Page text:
- Features | August 2, 2016
Why Your Apprentice Should Become an IEC Certified Professional Electrician
In 2013, the IEC National Apprenticeship and Training Committee (A&T Committee), along with chapter executive directors and training directors began discussing a test for graduates of the IEC Apprenticeship Program. The IEC Certified Professional Electrician (IEC-CPE) Credential was created at that time to offer a "final" exam to our chapters and contractor members.
IEC knows that we have the best electrical apprenticeship program, focusing on residential, commercial, and industrial throughout our four-year program. As a means to test the knowledge and skills obtained over the course of four years, a standard test for all chapters and regions was warranted for those apprentices who wanted to highlight their mastery within the electrical trade, while also having a way to stand out or be more marketable to both current and future employers. Think of it this way, if someone goes to law school they must pass the bar exam to practice law. Before this credential exam was created, an IEC apprentice only completed each year of the program before moving onto the next year. Now upon completion of four years of training, an IEC graduate can test their knowledge of the whole program voluntarily, while also earning a credential that will truly emphasize their mastery of the trade.
Having this exam allows for chapters to show that they are teaching and implementing the required Core Concepts that appear in each curriculum year. Both portions of the exam – written and practical – are based off the Core Concepts and are aligned to IEC’s curriculum. Over the last couple of years, we discovered that different educational, governmental, and third-party institutions require different methods of assessment of an educational program, regardless of the industry/ content. The IEC-CPE Credential became a means to meet this demand while also strengthening our chapters in their local markets. In 2014, IEC of Greater Cincinnati beta tested this exam, with three individuals successfully passing.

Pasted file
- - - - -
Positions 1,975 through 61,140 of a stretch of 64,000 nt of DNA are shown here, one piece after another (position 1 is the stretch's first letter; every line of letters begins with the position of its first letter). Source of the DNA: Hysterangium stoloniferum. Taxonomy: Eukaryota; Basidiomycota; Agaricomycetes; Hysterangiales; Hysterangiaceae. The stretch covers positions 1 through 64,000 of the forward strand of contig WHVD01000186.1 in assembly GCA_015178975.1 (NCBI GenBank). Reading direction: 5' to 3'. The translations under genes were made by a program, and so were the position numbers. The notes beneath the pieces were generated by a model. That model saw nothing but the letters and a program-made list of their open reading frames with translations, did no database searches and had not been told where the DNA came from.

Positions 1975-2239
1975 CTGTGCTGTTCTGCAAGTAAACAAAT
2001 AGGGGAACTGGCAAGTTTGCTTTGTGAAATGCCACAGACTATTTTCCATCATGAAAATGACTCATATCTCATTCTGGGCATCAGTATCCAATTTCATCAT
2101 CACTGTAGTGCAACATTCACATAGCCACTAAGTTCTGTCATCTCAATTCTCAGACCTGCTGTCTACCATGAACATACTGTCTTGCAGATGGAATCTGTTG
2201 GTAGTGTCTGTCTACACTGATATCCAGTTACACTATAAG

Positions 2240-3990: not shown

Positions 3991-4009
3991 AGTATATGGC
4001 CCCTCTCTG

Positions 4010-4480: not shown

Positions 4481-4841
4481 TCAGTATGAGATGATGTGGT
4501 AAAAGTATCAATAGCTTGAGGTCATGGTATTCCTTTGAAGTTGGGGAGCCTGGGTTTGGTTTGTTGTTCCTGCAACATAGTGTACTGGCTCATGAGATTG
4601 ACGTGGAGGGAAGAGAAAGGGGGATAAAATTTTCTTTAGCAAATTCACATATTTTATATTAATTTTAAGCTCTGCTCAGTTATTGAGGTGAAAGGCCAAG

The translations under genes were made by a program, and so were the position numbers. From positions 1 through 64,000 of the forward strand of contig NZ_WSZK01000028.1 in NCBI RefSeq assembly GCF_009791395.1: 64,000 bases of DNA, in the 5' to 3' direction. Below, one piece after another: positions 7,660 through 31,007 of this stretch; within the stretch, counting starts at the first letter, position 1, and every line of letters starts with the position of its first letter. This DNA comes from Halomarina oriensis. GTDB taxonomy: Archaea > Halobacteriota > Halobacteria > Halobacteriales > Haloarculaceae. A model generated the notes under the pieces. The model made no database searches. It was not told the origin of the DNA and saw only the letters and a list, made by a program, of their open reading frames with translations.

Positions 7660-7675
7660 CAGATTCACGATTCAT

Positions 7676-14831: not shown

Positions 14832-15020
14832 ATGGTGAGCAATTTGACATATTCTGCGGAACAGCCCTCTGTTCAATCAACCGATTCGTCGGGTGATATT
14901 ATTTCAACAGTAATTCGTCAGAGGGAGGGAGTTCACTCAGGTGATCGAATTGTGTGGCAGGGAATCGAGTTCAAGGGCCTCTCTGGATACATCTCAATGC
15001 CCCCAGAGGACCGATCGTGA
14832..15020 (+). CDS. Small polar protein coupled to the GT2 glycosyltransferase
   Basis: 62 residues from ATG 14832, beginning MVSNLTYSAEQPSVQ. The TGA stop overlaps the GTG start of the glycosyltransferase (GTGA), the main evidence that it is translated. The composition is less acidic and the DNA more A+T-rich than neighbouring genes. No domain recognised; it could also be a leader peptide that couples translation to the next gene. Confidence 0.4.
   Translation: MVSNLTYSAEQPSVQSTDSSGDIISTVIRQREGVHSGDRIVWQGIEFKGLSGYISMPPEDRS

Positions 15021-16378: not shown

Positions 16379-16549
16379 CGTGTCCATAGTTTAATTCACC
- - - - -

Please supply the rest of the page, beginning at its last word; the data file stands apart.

This year (2016) two chapters and regions hosted the IEC-CPE Exam. The first testing site was held at the IEC Dallas chapter on May 20 through 21. This was the second time that IEC Dallas hosted the exam. A total of six fourth year apprentices took both portions of this exam. The second testing site was held at the IEC of Greater Cincinnati Chapter on June 10-11.This was the third time this exam was held at this chapter. There were nine fourth year apprentices who took this exam, with eight hailing from the IEC of Greater Cincinnati and one coming all the way in from the IEC of Greater Saint Louis chapter.
With the 2016 exam session coming to an end and as we plan for next year, we felt that IEC contractors and chapters should know the make-up of both IEC-CPE exams (written and practical):
The written exam is made up of ninety questions, which come out of our four-year electrical apprenticeship curriculum test banks. Here is the rough breakdown of question topics:
- Motors and Motor Control Circuitry Theory
- Grounding & Bonding
- Code Review
- Article 90 and Chapter 1
- Branch Circuits
- Overcurrent Protection
- Service and Service Calculation
- Wiring Methods
- Equipment for General Use
- Special Occupancies
- Special Equipment
- Practical Competencies
The practical exam is made up of eight testing stations and the individual must pass all of these activities on a pass/fail matrix. This is to ensure that an individual is competent on some of the core competencies within the four year curriculum:
- Transformer Project A